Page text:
Cloud streets visualising convective rolls stretched along the strong wind (Queensland, North Coast, Australia, Wikimedia Commons; photo by Mick Petroff)

In both figures h ~ 103мis the height of convective layer

Vertical cross-section of a convective cell at weak wind over Australian desert (airborne observations by Williams and Hacker, 1992)


Turbulence in stable stratification
turbulence atmosphere by capping inversionin stable stratification

Very shallow long-lived stable boundary layer over cold Lake Teletskoe (Altay, Russia) on 28 August 2010 (photo by S. Zilitinkevich). Smoke blanket visualises upper boundary of the layer


Non local theory of long lived stably stratified planetary boundary layers pbl s

Example of solved problem atmosphere by capping inversion

Non-local theory of long-lived stably-stratified Planetary boundary layers(PBLs)

S. Galmarini, JRC


Stable and neutral pbls
Stable and neutral PBLs atmosphere by capping inversion

Traditional theory (adequate over land at mid latitudes)

  • is valid in the presence of pronounced diurnal course of temperature

  • recogniseed only two types of stably or neutrally stratified PBL, REGARDLESS STATIC STABILITY AT PBL OUTER BOUNDARY:

    stable (factually nocturnal stable– capped by residual layer)

    neutral (factually truly neutral– capped by residual layer)

    Non-local theory (2000-2010)

  • accounted for the free flow-PBL interaction through IGW or structures

  • led to discovery of additional types of PBL:

    long-lived stable(50 % at high latitudes)

    conventionally neutral(40 % over ocean)

  • both proved to be much shallower than mid-latitudinal PBLs


Temperature stratification in a nocturnal and b long lived stable pbls
Temperature stratification in (a) nocturnal and (b) long-lived stable PBLs


The effect of the free flow stability on the pbl height
The effect of the free flow stability (a) nocturnal and (b) long-lived stable PBLson the PBL height

● LES

● observations

Traditional (local) theory

New non-local theory (Z et al., 2007)‏

Nocturnal

PBL

Marine

PBL

Polar PBL


Stable pbls conclusions
Stable PBLs: Conclusions (a) nocturnal and (b) long-lived stable PBLs

Non-local nature

due to long-lived structures and/or internal waves

Triggering air pollution

the shallower PBL  the heavier air pollution

Sensitivity to thermal impacts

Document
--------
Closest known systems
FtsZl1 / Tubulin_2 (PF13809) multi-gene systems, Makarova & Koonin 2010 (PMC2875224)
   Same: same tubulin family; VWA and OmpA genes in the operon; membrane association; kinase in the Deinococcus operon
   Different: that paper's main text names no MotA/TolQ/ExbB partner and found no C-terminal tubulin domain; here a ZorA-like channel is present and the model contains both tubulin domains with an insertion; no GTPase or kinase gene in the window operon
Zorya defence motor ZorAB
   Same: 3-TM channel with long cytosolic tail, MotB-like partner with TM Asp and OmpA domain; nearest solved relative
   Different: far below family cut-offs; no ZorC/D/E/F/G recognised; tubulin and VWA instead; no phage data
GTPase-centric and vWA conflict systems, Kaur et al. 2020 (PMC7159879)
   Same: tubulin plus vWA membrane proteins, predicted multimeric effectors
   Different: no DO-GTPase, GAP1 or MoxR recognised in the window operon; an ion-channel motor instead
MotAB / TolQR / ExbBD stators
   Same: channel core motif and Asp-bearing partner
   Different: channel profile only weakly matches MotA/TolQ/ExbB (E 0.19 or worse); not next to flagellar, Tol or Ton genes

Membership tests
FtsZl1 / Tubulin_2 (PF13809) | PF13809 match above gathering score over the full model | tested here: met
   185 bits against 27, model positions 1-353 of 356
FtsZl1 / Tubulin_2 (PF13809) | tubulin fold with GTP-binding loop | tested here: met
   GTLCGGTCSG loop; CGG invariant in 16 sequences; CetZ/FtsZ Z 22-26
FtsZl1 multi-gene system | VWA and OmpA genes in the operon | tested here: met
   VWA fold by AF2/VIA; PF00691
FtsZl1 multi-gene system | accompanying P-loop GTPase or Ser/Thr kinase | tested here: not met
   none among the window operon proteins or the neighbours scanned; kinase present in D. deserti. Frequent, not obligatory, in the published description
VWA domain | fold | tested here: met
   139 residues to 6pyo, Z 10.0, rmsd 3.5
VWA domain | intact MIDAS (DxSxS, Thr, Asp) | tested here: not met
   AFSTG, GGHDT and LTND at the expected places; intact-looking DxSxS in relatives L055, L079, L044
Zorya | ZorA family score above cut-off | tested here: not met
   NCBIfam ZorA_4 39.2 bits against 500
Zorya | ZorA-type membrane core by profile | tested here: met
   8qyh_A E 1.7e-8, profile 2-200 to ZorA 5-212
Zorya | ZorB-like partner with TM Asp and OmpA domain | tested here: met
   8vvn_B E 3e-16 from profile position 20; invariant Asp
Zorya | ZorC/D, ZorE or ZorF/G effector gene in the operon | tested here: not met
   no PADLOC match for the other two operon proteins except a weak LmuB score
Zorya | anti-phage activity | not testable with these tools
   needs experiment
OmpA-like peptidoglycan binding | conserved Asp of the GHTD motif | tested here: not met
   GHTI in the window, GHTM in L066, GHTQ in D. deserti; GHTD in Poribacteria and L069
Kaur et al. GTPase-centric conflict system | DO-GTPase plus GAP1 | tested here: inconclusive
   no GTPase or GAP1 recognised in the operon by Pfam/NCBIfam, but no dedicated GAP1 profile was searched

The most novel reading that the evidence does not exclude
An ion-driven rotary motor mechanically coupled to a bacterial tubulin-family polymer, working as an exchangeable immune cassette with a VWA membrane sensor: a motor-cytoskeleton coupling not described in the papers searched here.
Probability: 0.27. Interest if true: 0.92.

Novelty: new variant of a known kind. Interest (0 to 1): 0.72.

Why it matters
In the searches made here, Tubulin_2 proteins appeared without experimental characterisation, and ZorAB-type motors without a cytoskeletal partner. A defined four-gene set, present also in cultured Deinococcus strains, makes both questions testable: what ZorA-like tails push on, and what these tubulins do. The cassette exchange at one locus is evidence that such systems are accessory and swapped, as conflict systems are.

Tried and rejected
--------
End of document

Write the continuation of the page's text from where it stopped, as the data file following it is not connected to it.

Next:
the shallower PBL  the stronger microclimate response

 triggering global warming in stable PBLs:

in winter- and night-time at Polar and high latitudes


Features of scientific revolution tomas kun structure of scientific revolutions 1962
Features of ”scientific revolution” (a) nocturnal and (b) long-lived stable PBLs(Tomas Kun, Structure of scientific revolutions, 1962‏)

TRADITIONAL PARADIGM

Forward cascade

Fluid flow =mean (regular) +turbulence (chaotic)

Applicable to neutrally- and weakly-stratified flows

Crises of traditional theoryALTERNATIVE PARADIGM

Forward(randomisation) and inverse (self-organisation) cascades

Fluid flow =mean (regular) +Kolmogorov’sturbulence (chaotic)

+anarchic turbulence (with inverse cascade)

+organised structures (regular)

NON-LOCAL THEORY

Self-organisation of turbulent convection

Structures and internal waves in stable PBLs

Non-local closures Much work to be doneNumerous simple unsolved problems

XX

XXI


Mega grants for environmental challenges 24 26 05 2012

Towards ”scientific revolution” (a) nocturnal and (b) long-lived stable PBLsMarie Curie Chair – PBL (2004-07); ERC-IDEAS PBL-PMES (2009-13); RU-Gov. Mega-Grant – PBL (2011-13)

Co-authors from > 30 groups / 15 countries

Finland(FMI, U-Helsinki); Russia((Nizhny Novgorod State Univ., Obukhov Inst. Atmos. Phys., Rus. State Hydro-met. Univ.)

Sweden(MIUU, MISU, SMHI); Norway (NERSC-Bergen);

Denmark (RISOE National Lab, DMI-Copenhagen); Israel (Ben-Gurion Univ., Weizmann Inst. Advance Studies);

UK (Univ. College London, Brit. Antarctic Sur. Cambridge);

USA (Arizona State Univ., Univ. Notre Dame, NCAR, NOAA); Brazil(UNIPAMA, Univ.-Rio Grande, Univ.-Santa Maria); Greece (Nat. Obs., Univ.-Athens); Germany (Univ.-Freiburg); Estonia (Tech. Univ.-Tallinn); Switzerland (SFIT, EPF-Lausanne);

France (Univ.-Nantes); Croatia (Univ.-Zagreb)


Mega grants for environmental challenges 24 26 05 2012

Thank you (a) nocturnal and (b) long-lived stable PBLs

for your attention

and

WELCOME TO ADJOIN OUR PARTNERSHIP!